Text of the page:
Last edited: Mar 25, 2016
  4. hermetic

    hermetic United Kingdom Active User Active Member

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    and most of that clearance will disappear when the oil gets in the gap! Excellent work!
    Phil
     
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  5. wildo

    wildo Active Member Active Member

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    It has been a while since I've posted in this one, but the work continues. I'm really not sure how some of you can knock out such beautiful machine restorations at lightening speed! I don't think I work particularly slowly, but this sure is taking forever! Regardless, I'm having a good time doing it...

    The countershaft assembly was really holding me up from assembling the lathe head since I need to put a new serpentine belt on there and don't yet know the belt length. For whatever reason, the countershaft assembly just did NOT seem like it would be fun to mess with. Of course it really wasn't bad, but I didn't have a ton of motivation to work on it. I started with the ugly green motor. I pulled it apart, pressed off the bearings, replaced them with new ones, and painted the motor:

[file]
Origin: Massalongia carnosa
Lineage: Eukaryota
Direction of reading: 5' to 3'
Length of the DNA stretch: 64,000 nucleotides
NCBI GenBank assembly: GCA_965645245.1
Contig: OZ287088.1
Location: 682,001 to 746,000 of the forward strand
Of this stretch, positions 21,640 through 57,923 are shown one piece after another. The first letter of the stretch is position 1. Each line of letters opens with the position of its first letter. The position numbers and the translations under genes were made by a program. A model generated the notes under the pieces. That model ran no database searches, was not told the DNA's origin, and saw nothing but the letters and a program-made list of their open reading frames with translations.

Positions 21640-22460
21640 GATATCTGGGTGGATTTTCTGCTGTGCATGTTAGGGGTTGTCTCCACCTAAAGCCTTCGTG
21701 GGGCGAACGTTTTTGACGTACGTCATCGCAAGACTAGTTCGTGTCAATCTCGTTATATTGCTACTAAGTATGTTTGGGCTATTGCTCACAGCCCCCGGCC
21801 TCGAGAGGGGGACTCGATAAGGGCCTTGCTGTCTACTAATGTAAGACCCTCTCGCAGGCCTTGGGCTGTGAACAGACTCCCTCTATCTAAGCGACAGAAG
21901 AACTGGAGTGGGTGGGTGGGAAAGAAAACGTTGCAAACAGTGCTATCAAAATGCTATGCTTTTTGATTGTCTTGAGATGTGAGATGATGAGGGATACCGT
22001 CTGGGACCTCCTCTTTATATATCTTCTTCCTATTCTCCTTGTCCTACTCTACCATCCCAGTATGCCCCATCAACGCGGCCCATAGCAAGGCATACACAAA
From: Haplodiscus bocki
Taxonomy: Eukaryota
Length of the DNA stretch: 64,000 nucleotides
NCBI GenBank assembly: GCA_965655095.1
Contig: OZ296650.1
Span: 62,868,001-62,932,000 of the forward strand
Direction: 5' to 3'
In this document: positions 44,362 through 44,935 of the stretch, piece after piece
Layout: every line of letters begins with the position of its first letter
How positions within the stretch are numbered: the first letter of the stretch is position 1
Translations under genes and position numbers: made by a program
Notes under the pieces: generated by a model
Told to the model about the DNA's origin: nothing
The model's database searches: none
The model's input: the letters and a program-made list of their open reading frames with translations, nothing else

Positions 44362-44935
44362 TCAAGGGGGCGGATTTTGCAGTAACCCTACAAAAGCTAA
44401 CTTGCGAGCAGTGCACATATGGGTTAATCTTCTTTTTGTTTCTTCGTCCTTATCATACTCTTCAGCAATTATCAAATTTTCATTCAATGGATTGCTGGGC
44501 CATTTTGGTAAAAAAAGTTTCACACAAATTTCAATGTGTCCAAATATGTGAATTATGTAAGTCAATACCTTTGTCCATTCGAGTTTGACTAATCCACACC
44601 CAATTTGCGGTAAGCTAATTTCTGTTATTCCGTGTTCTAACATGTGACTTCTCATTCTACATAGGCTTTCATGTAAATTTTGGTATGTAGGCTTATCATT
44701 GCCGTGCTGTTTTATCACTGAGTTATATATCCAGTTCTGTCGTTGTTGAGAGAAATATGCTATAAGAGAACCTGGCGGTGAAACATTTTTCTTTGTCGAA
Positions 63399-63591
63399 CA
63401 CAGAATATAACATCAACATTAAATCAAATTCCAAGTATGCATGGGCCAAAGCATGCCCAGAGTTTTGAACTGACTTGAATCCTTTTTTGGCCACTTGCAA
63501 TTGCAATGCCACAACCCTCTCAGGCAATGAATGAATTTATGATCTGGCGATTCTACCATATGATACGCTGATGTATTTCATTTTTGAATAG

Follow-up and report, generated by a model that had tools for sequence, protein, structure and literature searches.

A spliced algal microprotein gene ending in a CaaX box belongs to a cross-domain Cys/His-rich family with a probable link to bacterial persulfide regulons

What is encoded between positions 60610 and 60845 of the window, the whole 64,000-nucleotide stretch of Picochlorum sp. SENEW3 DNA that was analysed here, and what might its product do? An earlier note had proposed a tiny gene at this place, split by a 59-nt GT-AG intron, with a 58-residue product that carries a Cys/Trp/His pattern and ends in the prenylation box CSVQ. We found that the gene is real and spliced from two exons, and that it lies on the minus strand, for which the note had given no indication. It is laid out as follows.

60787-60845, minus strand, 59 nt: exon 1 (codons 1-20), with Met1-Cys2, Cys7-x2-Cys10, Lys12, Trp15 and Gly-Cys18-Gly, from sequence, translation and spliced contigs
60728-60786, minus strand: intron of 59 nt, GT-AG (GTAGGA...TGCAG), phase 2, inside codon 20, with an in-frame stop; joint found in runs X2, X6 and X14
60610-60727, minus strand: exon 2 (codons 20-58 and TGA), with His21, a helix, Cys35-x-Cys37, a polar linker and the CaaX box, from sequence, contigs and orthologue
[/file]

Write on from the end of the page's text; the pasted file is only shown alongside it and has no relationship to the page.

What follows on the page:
12968113_10154152147857235_1545036671757813272_o_zpsxhp6sr8h.jpg

    12967369_10154152147847235_3660890313655178805_o_zpsfu5xagcd.jpg

    13029457_10154164381152235_388302302166136855_o_zpsmcna1m8o.jpg

    13029508_10154171725692235_3615968766533321862_o_zps2zfpflv5.jpg


    The countershaft was disassembled, stripped, and repainted. I actually bought a second one on ebay for just $40 with the intention of learning how to line bore on it as a project. I want to bore it out to insert these oilite bearings I purchased. Obviously I can't bore my countershaft stand while the lathe is running, so the second one was the right price.
    13029590_10154180157212235_8656491749780866402_o_zpsag6vut5u.jpg


    IMG_6609_zpsjiwvrzlw.jpg

    IMG_6608_zpsiy0vqgev.jpg


    The tailstock, milling attachment, and a ton of other parts were stripped and repainted. It took me forever to mask all those parts!